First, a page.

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New understanding of heart disease-causing macrophages

Posted by Sarah Eisenbraun on Sep 11, 2013 9:52:00 AM


According to a new study by researchers from the University of Toronto and Massachusetts General Hospital, plaque within the walls of the arteries may not grow in quite the same way as previously assumed. Because this buildup of plaque leads to a greater risk for heart disease, this new knowledge may change how heart disease is treated. Since heart disease is the leading cause of death both in the United States and worldwide, this discovery could have a big impact on the future of medicine.

Atherosclerosis, the narrowing of the arteries due to the hardening of plaque around the artery walls, is the leading cause of heart disease. Previously, scientists thought macrophages — white blood cells associated with inflammation that can lead to atherosclerosis — grew mainly because of monocytes, white blood cells that fight pathogens within the bloodstream. According to the new research, though, it may not be as simple as that. Instead, the research indicates that atherosclerosis may be caused by macrophages reproducing within the plaques rather than within the bloodstream.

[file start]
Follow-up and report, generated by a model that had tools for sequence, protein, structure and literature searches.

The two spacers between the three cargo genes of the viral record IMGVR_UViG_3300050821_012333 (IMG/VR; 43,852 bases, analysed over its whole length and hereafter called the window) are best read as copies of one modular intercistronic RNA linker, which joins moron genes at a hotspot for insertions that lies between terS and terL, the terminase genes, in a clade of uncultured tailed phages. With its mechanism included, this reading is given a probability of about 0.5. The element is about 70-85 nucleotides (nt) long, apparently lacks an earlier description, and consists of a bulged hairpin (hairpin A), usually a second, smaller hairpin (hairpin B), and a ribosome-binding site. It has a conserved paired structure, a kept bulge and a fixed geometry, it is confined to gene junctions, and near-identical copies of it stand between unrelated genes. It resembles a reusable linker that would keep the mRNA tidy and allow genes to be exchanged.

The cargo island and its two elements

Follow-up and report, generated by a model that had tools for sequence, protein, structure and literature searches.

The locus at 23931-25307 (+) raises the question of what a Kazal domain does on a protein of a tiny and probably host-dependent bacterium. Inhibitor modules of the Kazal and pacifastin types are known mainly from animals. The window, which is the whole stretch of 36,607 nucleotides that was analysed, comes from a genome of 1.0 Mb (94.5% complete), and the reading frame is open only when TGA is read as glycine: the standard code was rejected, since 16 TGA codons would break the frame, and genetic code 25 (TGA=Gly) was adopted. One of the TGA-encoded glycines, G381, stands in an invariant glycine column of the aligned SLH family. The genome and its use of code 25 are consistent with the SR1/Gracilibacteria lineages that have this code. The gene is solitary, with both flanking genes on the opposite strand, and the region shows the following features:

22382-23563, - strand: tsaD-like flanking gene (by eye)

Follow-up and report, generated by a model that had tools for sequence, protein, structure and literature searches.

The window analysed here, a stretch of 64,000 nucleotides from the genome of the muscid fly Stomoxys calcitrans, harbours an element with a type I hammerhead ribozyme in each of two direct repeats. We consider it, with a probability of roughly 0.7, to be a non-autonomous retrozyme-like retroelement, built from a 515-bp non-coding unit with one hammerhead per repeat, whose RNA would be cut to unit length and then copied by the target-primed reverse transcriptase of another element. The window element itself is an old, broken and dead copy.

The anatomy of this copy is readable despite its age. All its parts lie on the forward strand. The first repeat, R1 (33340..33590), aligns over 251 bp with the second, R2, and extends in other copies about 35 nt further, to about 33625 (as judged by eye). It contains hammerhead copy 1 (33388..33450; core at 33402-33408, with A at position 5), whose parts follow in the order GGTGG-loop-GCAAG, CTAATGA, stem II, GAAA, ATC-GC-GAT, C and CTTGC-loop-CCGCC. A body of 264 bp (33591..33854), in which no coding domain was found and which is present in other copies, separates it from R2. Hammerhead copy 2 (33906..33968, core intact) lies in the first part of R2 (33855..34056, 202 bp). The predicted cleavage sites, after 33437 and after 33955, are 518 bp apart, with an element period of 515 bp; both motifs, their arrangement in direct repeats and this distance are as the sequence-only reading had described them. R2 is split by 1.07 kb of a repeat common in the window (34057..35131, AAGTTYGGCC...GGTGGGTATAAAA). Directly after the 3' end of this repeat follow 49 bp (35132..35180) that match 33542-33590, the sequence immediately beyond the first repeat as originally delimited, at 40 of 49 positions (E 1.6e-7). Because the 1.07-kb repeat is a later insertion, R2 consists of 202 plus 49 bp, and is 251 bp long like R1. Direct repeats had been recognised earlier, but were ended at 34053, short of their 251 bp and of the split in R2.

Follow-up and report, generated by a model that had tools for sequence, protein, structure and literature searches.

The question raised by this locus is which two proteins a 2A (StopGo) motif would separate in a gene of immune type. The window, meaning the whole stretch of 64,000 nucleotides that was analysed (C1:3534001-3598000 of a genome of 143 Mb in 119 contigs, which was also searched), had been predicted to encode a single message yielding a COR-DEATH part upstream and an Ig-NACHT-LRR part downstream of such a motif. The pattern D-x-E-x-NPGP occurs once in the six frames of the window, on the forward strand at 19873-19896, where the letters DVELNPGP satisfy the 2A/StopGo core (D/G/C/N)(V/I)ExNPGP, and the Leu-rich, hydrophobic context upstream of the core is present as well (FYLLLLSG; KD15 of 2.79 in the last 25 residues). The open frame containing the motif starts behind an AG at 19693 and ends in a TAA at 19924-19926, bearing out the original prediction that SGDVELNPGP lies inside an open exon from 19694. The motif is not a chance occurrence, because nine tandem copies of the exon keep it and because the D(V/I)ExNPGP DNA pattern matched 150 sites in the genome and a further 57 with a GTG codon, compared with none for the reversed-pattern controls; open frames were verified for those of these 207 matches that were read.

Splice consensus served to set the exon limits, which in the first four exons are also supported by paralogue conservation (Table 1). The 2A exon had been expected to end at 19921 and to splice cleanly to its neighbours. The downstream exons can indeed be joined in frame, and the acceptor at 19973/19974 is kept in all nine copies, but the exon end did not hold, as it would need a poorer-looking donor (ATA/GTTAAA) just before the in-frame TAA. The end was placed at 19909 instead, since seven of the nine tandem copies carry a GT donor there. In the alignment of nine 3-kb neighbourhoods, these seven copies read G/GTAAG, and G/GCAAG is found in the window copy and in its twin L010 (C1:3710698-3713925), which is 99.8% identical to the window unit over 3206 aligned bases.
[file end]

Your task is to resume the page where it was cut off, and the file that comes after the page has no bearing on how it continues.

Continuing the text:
This research could change the focus of cardiovascular disease treatment. Previously, treatment research was focused on blocking the white blood cells from getting into the plaque. If, however, atherosclerosis is caused by macrophages reproducing once they are within the plaque, treatment and research will need to change to better support the new knowledge.

Because the study was conducted using mice as research subjects, there is still more research needed to fully conclude if the results translate to humans. There was, however, also evidence of macrophage growth within human carotid arteries, the arteries supplying the head and neck with oxygenated blood. Only future research can tell what these new findings will actually mean for the future of treatment of heart disease. The full results of the study can be found in Nature Medicine.

Topics: Heart and Vascular Center

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